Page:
Readers entering this book’s varied landscape encounter similarly wondrous pictures and words. They stand in the child’s shoes, enveloped by forest under a lush canopy of green leaves, looking skyward at brilliant birds darting from limb to limb. Verdant watercolor illustrations describe both the density and individuality of the myriad botanicals entwined in woods: fronds, leaves, branches, twigs, stems, grasses, and blossoms. Gentle imperative urgings pull readers into a lush, wooded embrace (“Run wild in the jungle!”; “Follow footprints. / See where they lead you”). Dek’s evocative woodland pictures, earnest phrases, and unhurried pacing evoke the quiet pauses and exhilarating discoveries experienced during a walk in the forest. Inventive compositional choices and surprising, shifting perspectives keep readers alert, expectant, and fully engaged. They look from above in all-encompassing aerial illustrations; they burble underwater, examine nests, seeds, blossoms, and wild strawberries, gaze eye to eye with a fox, and survey upper branches from a bough. Deer and birds come and go across the page. Vines creep. Footprints meander. A breathless quiet falls on wordless spreads, conjuring that feeling of clearheadedness offered by nature.
A startling, successful evocation of the natural world and an urgent entreaty for young people to immerse themselves in the outdoors.
(Picture book. 4-8)
A character who resembles the Kilroy image of World War II—with the addition of a mobile body—reveals himself as an imaginative introvert.
His simple, cartoonish, acorn-capped head sways flawlessly from side to side, as the single-mittened character/narrator expresses his irritation: “Darn, darn, and more darn. Where’s my mitten? I don’t see it anywhere.” His decision to choose a strongly mismatched mitten from “the Lost & Found” (lockers in the background imply it’s at school) leads to musings—not over someone else’s missing mitten but over being mistreated if you are different. This segues into the character’s assertion that he is a loner who likes his life that way. Lively illustrations of solitary fishing, baking, one-sided chess games, and nighttime skateboarding—in a graveyard!—back up his claims. Finally, readers meet the ancient, titular oak tree, among whose branches the narrator has spent many enjoyable hours. Tangents emerge as readily as Bertolt’s branches—among them, furtive lives of townsfolk (all of whom appear to be white, including the narrator) and observations of wildlife and weather. When Bertolt does not produce leaves one spring, it takes a while for the truth to sink in. In a burst of ingenuity that leads readers all the way back to the story’s opening, the narrator memorializes his arboreal friend. Fine, black inked lines, occasional washes, and the remarkable use of textural colored pencils never miss a beat in extending the text.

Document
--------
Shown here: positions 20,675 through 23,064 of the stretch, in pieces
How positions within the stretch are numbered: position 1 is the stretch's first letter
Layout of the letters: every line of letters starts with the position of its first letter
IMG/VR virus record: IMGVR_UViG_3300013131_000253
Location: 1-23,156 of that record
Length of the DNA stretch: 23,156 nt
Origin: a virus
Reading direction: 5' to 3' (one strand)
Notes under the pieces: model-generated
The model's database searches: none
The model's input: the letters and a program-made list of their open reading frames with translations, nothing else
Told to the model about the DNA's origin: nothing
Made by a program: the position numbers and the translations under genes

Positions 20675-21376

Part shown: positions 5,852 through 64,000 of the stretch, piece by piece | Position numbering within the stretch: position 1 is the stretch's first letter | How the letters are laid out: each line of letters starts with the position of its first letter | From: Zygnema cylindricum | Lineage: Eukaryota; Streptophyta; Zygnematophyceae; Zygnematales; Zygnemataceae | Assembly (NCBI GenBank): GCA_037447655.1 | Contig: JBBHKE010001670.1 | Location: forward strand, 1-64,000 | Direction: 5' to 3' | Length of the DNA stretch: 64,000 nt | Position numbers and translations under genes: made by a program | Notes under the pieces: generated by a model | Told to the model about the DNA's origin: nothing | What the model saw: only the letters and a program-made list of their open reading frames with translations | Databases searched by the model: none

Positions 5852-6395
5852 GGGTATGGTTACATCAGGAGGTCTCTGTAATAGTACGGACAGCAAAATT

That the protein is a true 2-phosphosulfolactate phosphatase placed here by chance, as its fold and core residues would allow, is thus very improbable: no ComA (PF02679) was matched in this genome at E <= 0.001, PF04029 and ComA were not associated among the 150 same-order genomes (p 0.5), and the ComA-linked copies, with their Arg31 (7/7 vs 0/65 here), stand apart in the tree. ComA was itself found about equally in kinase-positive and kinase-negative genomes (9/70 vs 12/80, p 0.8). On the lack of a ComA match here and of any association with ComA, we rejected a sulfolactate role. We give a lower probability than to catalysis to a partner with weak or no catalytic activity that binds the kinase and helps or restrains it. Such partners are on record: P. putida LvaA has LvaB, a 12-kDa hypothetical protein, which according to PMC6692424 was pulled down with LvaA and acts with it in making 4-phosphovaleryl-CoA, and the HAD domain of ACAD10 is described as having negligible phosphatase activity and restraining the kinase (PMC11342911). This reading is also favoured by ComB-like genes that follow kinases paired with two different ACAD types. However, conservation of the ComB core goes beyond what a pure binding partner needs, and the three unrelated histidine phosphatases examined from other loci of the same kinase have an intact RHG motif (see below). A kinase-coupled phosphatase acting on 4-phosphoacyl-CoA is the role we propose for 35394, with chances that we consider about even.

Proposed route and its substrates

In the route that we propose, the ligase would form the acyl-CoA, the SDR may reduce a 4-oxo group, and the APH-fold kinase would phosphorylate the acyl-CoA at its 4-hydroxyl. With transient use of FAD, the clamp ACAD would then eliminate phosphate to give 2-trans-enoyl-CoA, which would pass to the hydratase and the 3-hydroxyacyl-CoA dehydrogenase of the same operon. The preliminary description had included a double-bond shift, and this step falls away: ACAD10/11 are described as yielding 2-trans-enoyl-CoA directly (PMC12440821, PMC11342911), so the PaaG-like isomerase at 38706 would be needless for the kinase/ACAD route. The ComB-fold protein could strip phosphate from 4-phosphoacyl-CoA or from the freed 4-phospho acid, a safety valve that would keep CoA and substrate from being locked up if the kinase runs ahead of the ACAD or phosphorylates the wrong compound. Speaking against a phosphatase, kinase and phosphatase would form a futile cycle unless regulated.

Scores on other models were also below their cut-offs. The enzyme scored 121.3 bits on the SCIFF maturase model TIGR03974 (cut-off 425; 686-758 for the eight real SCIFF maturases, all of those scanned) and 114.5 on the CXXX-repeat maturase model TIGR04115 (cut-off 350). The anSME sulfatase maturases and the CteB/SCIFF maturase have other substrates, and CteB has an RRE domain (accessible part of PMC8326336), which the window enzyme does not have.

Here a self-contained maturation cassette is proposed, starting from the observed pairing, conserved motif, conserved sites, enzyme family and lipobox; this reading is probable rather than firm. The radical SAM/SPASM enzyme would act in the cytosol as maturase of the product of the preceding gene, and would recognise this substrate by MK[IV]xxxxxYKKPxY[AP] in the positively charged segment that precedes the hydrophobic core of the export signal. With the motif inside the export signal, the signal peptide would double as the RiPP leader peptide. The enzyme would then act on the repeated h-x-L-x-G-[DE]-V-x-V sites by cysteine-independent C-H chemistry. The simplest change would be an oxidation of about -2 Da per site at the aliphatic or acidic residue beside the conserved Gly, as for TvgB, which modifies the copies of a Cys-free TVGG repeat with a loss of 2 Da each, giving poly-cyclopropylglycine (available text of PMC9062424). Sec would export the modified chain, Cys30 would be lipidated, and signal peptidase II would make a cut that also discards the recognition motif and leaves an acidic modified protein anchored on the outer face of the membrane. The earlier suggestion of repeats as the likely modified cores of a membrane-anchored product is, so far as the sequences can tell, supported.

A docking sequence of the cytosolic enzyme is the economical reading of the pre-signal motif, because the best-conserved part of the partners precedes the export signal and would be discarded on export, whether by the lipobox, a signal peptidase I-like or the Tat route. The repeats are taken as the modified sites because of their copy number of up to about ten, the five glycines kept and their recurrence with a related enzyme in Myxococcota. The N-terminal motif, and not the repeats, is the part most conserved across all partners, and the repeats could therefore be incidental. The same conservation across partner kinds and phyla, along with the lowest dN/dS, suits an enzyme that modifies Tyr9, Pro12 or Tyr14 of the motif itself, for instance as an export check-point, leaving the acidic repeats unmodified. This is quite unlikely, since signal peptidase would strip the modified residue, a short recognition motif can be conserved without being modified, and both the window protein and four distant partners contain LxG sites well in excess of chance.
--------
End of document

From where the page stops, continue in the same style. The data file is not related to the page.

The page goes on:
Humor, contemplation, and masterful illustrations.
(Picture book. 6-12)
Friendship blossoms between canine and rodent in this paean to the sheer joy of being alive.
A greyhound and a groundhog are startled to meet, one waking from a nap and the other popping out of a burrow. Before long, however, they are frolicking together, romping about and running through meadows before finally collapsing in satisfied fatigue. Jenkins’ playful text (“A round hound, a grey dog, a round little hound dog. / A greyhog, a ground dog, a hog little hound dog”) has a catchy rhythm that begs to be read out loud. The text dances across the page, perfectly in sync with the watercolor pictures; on one page the line “and a sound” hovers beside the splash created by the greyhound’s foot, its curvature visually echoing the arc of the water. By varying perspective and distance, Appelhans creates dynamic, high-energy illustrations that maintain interest despite featuring only two characters against a plain, minimalist background. Readers look down on the two friends from above as they spin in giddy circles and see them in comical close-up as a butterfly flits past. Groundhog bursts from the end of a hollow log, paws outstretched, about to soar above the heads of readers, who have a ground-level view of the action.
This delightful story is a feast for the eyes and ears, and it will hold up well to repeated demands from eager young listeners.
(Picture book. 2-6)
Like the handle on a windup toy that moves clockwise until it stops and spins in reverse, the 2014 Hans Christian Anderson Award winner manipulates a chain of actions and consequences—and then imagines the momentum flowing backward with entirely different outcomes.